The city of Montreal is at the center of a mob war that claimed its 14th victim last week when Joseph Di Maulo (photo above) was killed in front of his house. Exactly who is gunning for who remains unclear, but with mob boss Vito Rizzuto back in town after being released from a U.S. prison rumors are running wild.
Was it a street gang? Outlaw bikers? Calabrian mobsters? Or Sicilians? Which group assassinated the 70-year-old Di Maulo, shot him down in front of his home in Blainville on a quiet Sunday night?
“I think it’s most likely the shots came from the Sicilian faction,” says Pierre de Champlain. As a former RCMP analyst and author of several books dealing with the Mafia in general and the Montreal Mafia in particular De Champlain has studied these groups for decades.
“The hit on Joe Di Maulo (right) is of the highest significance,” he says. “They killed a legendary boss of the Calabrian faction of Montreal, even if Di Maulo was not himself a Calabrese he led that group. Di Maulo was a legendary crime figure, an icon within the Montreal underworld.”
“For several decades he had been closely associated with the Cotroni-Violi faction,” De Champlain continues. “In the late 1960's and 1970's, he was the right-hand-man of Frank Cotroni. He supervised a group of picciotti, who were responsible for drug trafficking. Di Maulo was known as a man who always calmed down hot situations when they occurred. He was a true mafioso, a mediator, trying to find compromises that would be suitable to everyone.”
With his death, the Montreal Mafia thus lost its mediator. Di Maulo is the 14th death claimed by the struggle for power in the underworld of Montreal. Other high profile murders included the killings of Nicolo Rizzuto and Nick Rizzuto Jr, the father and son of boss Vito Rizzuto, and the shooting of American Bonanno family boss Salvatore Montagna.
De Champlain: “They are in a state of war. No one is in control really. It is a situation where he who shoots first will win! The climate is so tense among the various factions that it has been said that a lot of mobsters are now travelling in armored cars.”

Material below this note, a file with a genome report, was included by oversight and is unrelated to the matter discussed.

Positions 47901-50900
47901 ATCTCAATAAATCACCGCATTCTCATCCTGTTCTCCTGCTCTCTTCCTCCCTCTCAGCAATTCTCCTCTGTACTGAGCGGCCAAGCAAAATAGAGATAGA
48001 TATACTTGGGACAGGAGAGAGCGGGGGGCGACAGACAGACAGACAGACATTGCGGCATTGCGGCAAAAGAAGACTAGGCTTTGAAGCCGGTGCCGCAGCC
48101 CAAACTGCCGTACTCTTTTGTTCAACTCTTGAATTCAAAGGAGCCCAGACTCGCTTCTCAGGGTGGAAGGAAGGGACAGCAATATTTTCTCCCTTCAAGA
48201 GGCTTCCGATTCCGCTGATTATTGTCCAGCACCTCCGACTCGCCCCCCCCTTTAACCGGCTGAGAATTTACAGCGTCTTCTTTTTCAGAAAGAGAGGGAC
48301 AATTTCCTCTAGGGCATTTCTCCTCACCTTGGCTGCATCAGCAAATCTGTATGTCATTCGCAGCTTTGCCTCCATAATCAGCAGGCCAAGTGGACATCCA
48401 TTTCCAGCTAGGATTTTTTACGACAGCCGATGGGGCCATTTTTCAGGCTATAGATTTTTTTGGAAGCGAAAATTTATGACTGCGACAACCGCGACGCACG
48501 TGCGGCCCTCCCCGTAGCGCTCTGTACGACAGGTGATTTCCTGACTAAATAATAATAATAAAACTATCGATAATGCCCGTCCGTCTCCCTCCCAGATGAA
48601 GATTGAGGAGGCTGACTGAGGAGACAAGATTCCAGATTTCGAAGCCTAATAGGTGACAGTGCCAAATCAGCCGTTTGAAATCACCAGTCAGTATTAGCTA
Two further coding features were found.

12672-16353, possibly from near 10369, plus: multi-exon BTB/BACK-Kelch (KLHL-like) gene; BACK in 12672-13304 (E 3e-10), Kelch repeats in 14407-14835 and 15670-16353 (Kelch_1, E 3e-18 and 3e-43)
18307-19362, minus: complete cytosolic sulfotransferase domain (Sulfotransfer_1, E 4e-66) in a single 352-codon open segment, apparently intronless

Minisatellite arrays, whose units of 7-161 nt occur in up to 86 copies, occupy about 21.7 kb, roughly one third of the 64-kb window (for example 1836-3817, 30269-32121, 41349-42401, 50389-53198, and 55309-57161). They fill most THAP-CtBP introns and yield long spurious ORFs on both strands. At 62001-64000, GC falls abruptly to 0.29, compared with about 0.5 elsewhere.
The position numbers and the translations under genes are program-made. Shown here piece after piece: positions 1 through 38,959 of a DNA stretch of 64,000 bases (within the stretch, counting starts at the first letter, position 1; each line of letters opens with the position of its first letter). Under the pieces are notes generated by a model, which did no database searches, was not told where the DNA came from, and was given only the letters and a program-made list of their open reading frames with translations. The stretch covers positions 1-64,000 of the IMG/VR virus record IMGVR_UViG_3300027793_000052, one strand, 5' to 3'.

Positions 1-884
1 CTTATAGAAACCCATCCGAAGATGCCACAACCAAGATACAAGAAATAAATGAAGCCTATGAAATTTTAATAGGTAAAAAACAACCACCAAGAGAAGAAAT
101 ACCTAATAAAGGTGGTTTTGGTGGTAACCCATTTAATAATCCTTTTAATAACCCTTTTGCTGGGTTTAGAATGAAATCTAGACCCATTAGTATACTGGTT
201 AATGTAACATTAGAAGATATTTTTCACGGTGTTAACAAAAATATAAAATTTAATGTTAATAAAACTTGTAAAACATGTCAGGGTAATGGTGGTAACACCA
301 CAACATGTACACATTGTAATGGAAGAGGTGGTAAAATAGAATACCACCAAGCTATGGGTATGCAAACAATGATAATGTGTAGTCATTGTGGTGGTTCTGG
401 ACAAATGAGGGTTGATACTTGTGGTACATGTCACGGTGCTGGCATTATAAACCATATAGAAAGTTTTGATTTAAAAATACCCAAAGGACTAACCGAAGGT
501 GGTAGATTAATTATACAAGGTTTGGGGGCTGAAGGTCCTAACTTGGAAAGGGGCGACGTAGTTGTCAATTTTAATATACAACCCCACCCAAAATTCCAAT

One of the rumors following Di Maulo’s death revolves around the return of Vito Rizzuto (right). The boss of bosses of the Montreal Mafia was released from a U.S. prison in October after serving approximately seven years of a ten year sentence for participating in the murder of three Bonanno capos in 1981. While he was behind bars, his father and son were shot to death in Montreal as factions fought for control over lucrative drug routes, territory, and other rackets.
In one of the theories surrounding Di Maulo’s murder, it is claimed he had turned on the Rizzuto clan and started working against them. Vito Rizzuto would have expected a seasoned and respected mobster such as Di Maulo to either have protected Rizzuto Jr and Sr or have avenged their deaths.
With Di Maulo shot to death at his home, near his wife who was inside the house, five days from the anniversary of the murder of Nicolo Rizzuto who was also killed at his home in front of his wife and daughter, who herself is the wife of Paolo Renda, it seems someone is sending a message. Many experts point to Vito Rizzuto as the man responsible. After returning to his home city of Montreal, they allege he is now doling out his punishment.
What role will Rizzuto play in Montreal now that he is back? De Champlain: “It depends how he himself sees his role. He may be a man trying to regain the authority he once had over the mafia. First by avenging the death of his son, Nicolo Jr, and then the death of his father. For Vito Rizzuto it is a matter of honor, whether or not he wants to reinstate his own moral authority among his peers. The question that everyone is asking at the moment is: Will he be able to carry on these hits on those responsible for the death of members of his blood family? This remains to be seen. Or could he himself be hit sooner or later? We should be able to find out the answers to these questions in the next coming months.”
And his future as boss of bosses? “Let's say that in his case, it is a matter of one day at a time. Tomorrow will be another day,” concludes De Champlain.
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